Estimating Region-Specific Fuel Economy in the United States from Real-World Driving Cycles

Brennan Borlaug, Jacob Holden, Eric Wood, Byungho Lee, Justin Fink, Scott Agnew, Jason Lustbader

Research output: Contribution to journalArticlepeer-review

22 Scopus Citations


This paper describes a method for estimating region-specific real-world light-duty vehicle fuel economy in the United States that is unique in both the size and representativeness of real-world driving that was considered, and for its ability to model regional variations in driving patterns. Over one million miles of national driving data were used to select real-world cycles representative of observed trip categories. The six cycles were compared to U.S. legislative cycles, revealing some key differences. Finally, a set of cycle weighting factors for 533 separate U.S. regions was derived from annual traffic statistics. Applying this method, it was found that regional fuel economy varies due to differences in driving patterns alone and that rural driving patterns lead to improved fuel economy (for conventional vehicles). The driving cycles and regional weighting factors described here are useful for testing and simulation studies, specifically those sensitive to regional variations in driving patterns.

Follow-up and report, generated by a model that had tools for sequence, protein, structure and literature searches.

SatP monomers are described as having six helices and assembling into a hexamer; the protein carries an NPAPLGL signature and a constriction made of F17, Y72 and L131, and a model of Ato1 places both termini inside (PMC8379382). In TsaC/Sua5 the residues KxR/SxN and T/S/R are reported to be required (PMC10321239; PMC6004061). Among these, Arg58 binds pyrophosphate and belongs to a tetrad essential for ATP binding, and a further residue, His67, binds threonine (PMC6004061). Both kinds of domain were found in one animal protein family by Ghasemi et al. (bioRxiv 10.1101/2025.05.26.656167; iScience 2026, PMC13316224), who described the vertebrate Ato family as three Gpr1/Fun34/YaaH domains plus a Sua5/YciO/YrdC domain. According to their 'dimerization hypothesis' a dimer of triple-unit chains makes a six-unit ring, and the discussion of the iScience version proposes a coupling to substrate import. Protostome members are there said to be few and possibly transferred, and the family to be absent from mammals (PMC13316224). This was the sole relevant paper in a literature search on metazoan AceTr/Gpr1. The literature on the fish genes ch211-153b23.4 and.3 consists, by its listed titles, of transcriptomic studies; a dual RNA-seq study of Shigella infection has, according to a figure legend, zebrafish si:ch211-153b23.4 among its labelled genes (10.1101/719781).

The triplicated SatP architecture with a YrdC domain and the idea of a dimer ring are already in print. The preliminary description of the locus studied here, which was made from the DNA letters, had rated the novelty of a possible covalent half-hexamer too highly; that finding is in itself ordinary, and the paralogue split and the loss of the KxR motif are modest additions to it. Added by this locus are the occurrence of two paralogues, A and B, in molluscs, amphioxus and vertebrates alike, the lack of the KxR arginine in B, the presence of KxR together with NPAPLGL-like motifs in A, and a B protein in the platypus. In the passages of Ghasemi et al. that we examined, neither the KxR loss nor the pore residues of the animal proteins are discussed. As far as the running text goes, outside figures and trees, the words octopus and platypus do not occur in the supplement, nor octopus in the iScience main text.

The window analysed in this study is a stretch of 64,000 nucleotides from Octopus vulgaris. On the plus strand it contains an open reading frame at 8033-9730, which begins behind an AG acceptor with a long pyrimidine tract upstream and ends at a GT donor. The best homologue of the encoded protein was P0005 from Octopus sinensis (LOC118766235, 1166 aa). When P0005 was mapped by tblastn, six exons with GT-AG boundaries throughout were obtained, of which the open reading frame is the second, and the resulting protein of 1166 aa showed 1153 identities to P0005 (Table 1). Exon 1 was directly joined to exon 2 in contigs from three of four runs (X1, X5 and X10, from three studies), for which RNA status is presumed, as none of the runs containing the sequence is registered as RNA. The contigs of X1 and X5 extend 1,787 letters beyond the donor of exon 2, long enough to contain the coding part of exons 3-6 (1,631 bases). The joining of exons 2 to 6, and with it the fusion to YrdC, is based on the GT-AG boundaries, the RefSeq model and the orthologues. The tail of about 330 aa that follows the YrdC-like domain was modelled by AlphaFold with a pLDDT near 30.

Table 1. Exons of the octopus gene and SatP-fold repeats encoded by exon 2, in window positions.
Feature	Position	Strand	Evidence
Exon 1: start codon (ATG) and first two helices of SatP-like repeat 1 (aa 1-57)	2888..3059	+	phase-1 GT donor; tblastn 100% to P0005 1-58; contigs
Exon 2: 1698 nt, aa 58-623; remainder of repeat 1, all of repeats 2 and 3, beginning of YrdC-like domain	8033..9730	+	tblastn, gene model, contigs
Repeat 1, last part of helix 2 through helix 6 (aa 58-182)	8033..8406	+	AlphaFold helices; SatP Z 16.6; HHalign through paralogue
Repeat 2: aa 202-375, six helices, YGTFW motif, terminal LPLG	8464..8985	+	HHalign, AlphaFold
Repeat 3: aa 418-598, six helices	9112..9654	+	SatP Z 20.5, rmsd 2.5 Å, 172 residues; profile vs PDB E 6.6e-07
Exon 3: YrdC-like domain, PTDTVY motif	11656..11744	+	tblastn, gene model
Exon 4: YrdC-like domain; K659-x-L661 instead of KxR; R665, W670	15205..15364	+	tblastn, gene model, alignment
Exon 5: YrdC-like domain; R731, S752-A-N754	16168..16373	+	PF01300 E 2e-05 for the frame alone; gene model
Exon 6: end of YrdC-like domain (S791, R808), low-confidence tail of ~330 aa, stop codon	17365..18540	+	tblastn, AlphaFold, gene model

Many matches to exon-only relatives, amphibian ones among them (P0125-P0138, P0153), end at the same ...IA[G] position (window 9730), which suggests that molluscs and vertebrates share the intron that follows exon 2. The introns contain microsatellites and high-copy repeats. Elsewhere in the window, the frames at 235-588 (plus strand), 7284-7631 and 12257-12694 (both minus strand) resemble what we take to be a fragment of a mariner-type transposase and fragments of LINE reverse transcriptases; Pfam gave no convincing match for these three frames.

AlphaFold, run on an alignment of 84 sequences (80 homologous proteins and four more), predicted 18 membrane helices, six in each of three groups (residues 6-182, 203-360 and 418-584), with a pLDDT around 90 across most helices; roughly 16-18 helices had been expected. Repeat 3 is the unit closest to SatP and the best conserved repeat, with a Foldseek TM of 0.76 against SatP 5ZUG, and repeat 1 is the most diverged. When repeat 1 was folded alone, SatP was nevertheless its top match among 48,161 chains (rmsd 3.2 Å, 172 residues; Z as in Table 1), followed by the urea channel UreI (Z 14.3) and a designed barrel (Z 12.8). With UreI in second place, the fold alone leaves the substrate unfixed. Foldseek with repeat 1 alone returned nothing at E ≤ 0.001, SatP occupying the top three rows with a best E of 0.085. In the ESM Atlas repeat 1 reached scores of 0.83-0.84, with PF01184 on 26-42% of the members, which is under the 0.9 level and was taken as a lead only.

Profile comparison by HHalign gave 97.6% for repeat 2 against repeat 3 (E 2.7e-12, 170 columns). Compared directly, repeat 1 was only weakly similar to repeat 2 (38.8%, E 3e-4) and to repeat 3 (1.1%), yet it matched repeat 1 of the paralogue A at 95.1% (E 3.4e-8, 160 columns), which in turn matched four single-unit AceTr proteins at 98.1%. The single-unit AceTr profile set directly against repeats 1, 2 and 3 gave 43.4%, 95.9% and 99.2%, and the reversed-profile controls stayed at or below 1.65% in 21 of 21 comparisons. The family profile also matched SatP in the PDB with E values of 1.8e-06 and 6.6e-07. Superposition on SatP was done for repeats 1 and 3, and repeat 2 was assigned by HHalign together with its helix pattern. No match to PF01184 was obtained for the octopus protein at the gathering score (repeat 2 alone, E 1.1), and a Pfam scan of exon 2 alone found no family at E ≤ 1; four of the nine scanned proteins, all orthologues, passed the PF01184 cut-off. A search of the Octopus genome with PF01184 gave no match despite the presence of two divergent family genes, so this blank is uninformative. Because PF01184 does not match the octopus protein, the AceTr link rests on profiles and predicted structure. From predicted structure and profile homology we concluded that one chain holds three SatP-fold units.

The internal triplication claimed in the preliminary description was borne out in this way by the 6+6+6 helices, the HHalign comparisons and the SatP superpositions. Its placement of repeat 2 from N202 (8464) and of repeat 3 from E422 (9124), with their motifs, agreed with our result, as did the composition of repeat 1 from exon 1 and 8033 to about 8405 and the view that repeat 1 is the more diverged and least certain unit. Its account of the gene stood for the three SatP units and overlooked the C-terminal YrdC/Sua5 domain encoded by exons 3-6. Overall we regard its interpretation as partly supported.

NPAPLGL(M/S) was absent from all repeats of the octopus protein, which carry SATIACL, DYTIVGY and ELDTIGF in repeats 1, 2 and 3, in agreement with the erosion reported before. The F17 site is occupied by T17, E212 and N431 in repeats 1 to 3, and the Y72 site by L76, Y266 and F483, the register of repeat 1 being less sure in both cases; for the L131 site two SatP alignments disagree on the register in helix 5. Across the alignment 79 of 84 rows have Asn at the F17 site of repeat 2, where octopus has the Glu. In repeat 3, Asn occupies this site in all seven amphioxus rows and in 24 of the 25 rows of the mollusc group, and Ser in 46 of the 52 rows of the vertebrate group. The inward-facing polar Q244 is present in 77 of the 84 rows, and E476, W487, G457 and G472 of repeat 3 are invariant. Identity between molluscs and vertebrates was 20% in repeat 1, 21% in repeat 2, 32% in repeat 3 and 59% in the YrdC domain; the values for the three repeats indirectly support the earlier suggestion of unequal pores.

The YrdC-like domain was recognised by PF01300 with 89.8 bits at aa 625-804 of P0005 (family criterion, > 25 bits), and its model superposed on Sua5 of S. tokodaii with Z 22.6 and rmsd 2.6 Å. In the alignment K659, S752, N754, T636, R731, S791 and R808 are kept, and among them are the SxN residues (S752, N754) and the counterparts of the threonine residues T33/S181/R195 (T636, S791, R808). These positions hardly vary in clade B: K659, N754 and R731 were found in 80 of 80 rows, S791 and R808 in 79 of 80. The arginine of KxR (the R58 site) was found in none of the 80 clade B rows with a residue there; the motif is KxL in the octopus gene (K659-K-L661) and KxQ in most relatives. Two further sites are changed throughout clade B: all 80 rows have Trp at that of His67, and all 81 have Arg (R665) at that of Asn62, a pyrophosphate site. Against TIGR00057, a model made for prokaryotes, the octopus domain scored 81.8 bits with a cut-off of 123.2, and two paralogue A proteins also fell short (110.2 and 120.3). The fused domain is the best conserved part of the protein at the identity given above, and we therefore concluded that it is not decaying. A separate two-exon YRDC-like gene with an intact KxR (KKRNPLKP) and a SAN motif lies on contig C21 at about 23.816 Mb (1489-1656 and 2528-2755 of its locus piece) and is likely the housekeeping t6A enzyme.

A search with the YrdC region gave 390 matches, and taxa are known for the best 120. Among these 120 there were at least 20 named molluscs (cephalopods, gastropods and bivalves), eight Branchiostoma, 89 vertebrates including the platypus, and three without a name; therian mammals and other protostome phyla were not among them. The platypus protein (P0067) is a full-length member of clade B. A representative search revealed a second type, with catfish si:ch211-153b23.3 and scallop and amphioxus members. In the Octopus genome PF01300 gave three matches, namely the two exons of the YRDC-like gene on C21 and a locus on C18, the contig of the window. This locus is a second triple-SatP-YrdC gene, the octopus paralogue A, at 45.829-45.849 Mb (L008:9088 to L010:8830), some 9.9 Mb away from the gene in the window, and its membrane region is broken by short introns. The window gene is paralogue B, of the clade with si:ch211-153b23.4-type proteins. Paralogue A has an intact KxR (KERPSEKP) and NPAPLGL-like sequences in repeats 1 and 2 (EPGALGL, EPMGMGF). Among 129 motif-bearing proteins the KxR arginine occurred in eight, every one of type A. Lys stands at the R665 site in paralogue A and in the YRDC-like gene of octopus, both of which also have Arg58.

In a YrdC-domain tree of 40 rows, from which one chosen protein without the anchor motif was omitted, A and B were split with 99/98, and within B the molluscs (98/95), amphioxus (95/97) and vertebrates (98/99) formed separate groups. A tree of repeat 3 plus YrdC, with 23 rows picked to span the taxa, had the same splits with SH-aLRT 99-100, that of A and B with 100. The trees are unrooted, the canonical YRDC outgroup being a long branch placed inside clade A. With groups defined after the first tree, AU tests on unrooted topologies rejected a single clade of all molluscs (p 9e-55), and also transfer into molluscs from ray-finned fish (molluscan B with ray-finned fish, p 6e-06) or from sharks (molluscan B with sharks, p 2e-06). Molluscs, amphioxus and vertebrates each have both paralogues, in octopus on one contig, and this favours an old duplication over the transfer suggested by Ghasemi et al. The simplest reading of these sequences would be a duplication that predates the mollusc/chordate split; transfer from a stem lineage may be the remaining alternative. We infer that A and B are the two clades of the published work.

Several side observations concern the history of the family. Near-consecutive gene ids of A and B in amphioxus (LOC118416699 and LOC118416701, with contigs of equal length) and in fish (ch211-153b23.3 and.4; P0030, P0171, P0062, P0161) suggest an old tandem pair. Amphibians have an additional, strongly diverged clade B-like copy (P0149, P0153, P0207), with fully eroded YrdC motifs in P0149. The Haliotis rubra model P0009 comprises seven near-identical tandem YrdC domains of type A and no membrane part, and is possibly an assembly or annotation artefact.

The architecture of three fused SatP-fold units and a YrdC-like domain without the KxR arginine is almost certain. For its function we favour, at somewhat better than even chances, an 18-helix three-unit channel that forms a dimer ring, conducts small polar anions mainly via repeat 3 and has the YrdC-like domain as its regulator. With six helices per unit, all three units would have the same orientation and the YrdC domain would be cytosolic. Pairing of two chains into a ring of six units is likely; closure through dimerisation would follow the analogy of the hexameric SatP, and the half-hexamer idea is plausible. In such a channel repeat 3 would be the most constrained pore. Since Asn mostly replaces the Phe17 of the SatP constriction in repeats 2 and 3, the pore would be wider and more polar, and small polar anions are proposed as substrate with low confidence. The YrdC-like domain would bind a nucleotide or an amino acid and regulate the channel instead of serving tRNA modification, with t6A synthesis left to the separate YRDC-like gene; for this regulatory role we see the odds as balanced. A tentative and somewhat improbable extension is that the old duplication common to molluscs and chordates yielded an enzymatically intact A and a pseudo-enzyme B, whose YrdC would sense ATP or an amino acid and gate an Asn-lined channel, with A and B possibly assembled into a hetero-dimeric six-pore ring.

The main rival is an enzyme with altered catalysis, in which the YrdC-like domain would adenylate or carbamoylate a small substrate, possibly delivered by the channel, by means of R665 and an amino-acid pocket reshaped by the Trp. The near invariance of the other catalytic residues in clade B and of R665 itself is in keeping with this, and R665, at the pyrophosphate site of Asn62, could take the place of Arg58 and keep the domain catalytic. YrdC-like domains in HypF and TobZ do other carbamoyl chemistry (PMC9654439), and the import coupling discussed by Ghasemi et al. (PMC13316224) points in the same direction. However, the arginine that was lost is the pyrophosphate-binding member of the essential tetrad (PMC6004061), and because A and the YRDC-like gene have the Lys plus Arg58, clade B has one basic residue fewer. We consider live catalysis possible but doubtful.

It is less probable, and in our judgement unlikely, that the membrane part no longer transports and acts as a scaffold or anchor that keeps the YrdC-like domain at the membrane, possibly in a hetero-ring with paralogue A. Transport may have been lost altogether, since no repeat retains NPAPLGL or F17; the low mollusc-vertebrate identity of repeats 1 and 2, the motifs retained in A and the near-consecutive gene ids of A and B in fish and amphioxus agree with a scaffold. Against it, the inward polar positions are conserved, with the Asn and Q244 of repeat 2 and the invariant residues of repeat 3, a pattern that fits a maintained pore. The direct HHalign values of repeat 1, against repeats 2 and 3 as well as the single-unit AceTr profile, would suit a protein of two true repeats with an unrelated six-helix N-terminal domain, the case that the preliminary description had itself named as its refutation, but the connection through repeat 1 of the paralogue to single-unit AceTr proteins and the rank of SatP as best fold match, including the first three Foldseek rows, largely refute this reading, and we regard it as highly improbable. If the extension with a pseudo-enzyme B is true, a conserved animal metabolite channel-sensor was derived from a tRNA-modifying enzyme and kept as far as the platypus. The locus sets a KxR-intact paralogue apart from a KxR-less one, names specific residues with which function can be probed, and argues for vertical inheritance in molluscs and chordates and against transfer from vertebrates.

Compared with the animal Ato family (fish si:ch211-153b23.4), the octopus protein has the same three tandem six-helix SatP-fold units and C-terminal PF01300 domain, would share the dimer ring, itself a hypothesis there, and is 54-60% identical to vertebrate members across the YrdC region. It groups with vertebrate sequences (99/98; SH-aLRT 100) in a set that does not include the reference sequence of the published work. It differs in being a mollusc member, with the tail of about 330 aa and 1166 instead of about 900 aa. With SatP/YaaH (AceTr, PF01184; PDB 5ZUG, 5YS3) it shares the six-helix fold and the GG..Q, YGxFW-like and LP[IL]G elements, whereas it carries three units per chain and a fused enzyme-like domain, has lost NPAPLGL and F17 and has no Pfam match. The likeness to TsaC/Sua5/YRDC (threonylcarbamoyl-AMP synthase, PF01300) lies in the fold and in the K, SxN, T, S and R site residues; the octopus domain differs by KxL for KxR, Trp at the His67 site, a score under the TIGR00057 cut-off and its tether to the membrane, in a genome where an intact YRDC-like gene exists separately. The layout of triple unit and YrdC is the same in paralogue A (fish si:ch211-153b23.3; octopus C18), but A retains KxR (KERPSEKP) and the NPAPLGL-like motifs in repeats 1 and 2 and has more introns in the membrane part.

Original languageAmerican English
Article numberArticle No. 102448
Number of pages17
JournalTransportation Research Part D: Transport and Environment
StatePublished - Sep 2020

Bibliographical note

Publisher Copyright:
© 2020

NREL Publication Number

  • NREL/JA-5400-76305


  • Driving conditions
  • Driving cycle
  • Driving patterns
  • Fuel consumption
  • Fuel economy
  • Simulation


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